Sub Saharan Africa is known as the poorest area in the world, according to recent rural poverty report. It’s estimated that about 60% of 300 million rural people on the continent live in extreme poverty.
In Africa, women play important role in agricultural production –the most important sector contributing income for African households. Recent study of ICRAF found that women are not profiting nearly as much as they could from agroforestry – farm practice enabling the growing of trees on farms.
I think this study alerts us how the effort of alleviating poverty in Africa is facing the critical situation on women’s role. Let see 5 important findings of ICRAF’s study on gender and agriculture production in Africa:
- Women in Africa are more likely to participate in agroforestry that is considered to be their domain – and usually of little commercial value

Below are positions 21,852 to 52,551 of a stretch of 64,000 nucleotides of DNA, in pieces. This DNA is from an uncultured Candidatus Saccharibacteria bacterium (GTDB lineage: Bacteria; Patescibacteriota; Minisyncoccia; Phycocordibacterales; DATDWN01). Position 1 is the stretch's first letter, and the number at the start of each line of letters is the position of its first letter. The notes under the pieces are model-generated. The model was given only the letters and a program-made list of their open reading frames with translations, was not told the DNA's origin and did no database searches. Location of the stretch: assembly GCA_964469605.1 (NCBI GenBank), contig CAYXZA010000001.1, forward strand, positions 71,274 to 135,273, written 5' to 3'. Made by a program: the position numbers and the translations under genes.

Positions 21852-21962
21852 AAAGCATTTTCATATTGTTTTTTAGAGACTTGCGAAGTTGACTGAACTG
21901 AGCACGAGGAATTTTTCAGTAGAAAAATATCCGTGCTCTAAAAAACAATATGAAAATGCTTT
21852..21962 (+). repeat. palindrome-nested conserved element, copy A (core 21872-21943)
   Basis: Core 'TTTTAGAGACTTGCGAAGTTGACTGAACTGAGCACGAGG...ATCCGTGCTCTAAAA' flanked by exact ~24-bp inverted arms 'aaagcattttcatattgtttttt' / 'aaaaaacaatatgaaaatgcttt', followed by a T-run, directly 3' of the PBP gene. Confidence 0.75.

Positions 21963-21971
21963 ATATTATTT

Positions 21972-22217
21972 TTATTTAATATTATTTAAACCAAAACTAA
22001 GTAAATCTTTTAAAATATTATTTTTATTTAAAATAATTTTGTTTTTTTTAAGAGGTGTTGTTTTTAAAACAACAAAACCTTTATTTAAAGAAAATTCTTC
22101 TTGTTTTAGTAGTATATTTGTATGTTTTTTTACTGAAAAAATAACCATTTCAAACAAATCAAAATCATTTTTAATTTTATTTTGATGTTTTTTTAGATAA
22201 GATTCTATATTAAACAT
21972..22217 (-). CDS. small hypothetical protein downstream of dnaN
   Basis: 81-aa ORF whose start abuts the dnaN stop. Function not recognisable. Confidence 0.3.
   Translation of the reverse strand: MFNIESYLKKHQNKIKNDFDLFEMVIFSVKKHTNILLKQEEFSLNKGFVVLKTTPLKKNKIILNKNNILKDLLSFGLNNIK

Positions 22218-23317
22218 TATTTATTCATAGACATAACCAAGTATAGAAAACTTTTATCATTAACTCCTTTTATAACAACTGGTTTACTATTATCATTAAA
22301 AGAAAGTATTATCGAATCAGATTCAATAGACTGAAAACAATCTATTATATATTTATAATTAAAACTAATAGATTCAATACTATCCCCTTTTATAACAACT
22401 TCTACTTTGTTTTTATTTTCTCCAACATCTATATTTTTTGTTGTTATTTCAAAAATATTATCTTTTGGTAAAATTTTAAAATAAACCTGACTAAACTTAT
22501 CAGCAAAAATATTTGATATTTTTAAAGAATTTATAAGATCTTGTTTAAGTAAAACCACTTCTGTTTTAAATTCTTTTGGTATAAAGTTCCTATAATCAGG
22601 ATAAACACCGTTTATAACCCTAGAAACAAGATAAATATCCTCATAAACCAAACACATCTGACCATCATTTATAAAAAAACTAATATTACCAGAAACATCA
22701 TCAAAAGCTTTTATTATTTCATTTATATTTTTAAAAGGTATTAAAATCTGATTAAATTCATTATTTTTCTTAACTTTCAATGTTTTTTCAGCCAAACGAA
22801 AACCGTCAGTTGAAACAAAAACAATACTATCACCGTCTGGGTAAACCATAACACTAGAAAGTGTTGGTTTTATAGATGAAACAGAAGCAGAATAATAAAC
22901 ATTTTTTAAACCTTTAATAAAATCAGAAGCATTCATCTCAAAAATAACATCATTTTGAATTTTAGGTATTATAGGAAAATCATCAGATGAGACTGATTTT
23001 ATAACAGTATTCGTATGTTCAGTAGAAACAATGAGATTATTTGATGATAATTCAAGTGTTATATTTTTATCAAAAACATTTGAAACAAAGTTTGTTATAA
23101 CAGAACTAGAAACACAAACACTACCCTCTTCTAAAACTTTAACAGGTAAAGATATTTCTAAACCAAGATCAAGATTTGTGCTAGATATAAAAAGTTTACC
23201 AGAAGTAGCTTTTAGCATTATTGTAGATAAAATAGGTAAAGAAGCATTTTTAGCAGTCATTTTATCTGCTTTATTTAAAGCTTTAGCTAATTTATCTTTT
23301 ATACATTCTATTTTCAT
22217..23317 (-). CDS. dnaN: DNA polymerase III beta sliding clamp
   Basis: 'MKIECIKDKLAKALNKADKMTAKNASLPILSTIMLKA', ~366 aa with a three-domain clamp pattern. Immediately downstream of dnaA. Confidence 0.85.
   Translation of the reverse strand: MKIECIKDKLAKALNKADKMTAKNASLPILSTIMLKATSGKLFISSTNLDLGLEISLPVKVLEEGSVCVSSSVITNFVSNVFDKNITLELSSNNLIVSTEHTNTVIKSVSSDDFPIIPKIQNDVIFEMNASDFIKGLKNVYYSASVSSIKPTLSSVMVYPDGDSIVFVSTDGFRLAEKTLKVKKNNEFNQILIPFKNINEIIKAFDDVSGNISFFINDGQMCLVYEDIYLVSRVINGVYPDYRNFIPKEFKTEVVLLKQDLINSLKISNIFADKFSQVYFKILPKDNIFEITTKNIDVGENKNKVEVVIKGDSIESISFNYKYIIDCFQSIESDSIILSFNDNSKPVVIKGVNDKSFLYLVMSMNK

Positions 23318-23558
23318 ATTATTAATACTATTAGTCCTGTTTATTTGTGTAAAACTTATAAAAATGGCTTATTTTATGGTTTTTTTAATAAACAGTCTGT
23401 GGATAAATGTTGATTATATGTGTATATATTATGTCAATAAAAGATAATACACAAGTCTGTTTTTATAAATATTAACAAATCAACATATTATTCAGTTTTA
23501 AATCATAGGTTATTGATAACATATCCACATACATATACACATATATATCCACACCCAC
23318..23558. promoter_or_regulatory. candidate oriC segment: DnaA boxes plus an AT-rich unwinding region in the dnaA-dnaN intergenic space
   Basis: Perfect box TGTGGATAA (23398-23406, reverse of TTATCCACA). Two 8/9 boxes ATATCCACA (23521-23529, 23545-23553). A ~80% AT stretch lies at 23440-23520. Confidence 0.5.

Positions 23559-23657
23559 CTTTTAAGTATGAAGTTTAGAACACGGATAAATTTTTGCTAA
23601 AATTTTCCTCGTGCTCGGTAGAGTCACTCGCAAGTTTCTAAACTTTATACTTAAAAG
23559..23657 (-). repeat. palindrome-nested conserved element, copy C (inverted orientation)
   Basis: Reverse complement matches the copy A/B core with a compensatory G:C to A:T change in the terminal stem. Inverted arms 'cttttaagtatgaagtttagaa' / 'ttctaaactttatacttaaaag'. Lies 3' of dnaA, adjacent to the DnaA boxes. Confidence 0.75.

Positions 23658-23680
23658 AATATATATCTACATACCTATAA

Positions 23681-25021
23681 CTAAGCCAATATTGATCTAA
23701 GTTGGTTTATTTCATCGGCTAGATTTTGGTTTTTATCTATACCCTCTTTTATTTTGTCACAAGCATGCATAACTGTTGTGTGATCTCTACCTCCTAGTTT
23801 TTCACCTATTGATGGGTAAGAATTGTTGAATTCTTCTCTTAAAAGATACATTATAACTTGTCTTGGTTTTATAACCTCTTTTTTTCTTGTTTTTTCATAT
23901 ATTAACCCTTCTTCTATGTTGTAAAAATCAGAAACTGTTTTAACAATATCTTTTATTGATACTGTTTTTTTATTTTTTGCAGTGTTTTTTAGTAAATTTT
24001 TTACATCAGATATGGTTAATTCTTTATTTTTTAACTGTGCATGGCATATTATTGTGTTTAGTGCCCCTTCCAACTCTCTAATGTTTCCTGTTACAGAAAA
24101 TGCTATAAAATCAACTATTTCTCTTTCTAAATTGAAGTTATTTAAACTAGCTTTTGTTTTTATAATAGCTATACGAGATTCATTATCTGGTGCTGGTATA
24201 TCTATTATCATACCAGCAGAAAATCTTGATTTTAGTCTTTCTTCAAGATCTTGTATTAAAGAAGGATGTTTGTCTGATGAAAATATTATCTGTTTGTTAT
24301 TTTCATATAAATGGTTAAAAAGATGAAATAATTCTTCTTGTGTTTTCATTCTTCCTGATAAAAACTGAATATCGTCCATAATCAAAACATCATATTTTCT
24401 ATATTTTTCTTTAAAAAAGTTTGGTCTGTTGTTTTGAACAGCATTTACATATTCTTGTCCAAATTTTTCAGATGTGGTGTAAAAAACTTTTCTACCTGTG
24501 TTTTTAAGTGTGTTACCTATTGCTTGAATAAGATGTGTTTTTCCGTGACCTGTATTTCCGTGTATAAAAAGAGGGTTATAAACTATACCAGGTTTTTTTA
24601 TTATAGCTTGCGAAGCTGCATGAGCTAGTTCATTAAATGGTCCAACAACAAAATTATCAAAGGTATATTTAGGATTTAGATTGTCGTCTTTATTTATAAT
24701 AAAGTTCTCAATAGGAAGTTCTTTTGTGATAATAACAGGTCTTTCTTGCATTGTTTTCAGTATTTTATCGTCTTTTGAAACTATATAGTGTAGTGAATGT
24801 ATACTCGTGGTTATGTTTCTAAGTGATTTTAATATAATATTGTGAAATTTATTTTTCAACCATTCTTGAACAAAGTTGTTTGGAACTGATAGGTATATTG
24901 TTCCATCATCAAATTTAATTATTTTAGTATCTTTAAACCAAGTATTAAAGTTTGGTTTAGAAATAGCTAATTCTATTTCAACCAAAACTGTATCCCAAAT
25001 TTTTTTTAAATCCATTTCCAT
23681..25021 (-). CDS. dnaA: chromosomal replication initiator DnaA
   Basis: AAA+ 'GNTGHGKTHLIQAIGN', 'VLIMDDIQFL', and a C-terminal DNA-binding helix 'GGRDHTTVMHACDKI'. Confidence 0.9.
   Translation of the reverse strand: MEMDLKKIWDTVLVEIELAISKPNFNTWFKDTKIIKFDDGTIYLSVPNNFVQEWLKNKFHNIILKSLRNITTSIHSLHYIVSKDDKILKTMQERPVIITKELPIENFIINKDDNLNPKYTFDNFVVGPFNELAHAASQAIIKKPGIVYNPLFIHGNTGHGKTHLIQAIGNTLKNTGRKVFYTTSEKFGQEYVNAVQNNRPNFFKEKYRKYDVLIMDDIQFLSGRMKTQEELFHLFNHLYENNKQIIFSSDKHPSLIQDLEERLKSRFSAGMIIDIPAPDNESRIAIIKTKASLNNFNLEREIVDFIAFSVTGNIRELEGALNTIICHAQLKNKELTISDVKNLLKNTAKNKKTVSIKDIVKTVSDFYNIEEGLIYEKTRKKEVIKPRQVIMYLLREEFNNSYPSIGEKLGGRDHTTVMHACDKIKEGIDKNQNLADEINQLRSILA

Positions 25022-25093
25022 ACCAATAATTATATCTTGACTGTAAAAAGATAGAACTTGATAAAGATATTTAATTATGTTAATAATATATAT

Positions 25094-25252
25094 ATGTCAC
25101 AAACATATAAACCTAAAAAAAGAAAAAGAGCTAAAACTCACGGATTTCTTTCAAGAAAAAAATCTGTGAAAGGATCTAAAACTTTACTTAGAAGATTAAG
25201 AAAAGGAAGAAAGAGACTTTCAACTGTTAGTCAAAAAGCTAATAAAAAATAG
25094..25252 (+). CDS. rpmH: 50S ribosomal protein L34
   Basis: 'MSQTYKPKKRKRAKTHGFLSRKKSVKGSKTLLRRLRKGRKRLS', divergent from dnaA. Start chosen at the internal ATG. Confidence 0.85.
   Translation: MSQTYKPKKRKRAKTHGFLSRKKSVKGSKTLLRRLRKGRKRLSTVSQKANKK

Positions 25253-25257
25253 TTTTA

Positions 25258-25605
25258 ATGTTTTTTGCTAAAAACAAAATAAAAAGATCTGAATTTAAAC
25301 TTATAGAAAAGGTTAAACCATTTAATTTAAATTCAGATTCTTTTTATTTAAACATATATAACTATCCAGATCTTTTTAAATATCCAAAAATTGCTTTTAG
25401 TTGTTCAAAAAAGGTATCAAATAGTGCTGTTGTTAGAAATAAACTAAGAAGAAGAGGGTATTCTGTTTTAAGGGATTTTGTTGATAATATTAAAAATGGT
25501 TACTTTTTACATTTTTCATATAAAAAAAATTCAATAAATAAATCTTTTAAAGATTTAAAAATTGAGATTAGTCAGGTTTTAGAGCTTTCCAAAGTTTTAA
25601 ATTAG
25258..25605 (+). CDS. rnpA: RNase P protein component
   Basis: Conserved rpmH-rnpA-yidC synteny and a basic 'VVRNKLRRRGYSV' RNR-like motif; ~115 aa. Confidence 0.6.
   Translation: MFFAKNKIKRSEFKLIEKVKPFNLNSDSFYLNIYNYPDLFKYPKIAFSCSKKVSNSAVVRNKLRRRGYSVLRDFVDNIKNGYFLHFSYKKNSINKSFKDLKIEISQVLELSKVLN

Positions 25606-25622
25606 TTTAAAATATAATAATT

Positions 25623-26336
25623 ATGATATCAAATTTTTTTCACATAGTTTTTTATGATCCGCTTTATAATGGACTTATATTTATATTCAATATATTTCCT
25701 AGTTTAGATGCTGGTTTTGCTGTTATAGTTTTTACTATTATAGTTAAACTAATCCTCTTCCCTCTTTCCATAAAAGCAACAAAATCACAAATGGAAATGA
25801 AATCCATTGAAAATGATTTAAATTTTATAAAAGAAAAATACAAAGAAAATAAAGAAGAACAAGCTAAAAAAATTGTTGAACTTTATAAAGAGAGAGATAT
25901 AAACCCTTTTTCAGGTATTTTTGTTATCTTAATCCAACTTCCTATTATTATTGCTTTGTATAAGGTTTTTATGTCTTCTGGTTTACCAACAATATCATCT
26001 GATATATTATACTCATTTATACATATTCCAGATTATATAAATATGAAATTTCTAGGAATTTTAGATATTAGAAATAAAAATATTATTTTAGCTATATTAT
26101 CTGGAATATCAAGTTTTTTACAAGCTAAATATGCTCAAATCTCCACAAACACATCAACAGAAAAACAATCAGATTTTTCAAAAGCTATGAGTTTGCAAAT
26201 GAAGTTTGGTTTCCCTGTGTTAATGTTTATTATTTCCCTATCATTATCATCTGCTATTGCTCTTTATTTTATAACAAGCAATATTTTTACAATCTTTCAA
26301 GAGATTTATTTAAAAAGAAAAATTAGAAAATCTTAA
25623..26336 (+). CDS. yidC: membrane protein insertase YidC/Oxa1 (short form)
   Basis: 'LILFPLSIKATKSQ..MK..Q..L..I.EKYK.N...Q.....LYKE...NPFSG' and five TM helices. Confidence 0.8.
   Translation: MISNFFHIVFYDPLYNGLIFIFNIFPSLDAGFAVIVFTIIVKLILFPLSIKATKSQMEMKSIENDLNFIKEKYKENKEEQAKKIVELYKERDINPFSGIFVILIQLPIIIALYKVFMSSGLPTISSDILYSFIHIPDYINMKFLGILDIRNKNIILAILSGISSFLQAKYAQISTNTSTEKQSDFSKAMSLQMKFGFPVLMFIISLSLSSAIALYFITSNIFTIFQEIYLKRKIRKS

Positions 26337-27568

- Female-headed households account for 30% of all rural smallholder households in Malawi, half of households in Western Kenya and more than half in Zimbabwe
- Women in Africa are still disadvantaged in the agricultural sector due to cultural, sociological and economic factors. They also tend to have limited access to resources and household decision-making
- Agroforestry is directly benefiting rural women, particularly tree products for subsistence use, such as firewood, soil fertility improvement and fruits
- Replenishing soil fertility through agroforestry practices is also attractive to women farmers because it involves low inputs but high returns.
In other study, it suggests that investing more in female young education will likely prevent climate change disaster. There was relation between resilience in the face of extreme weather events and increases in female education.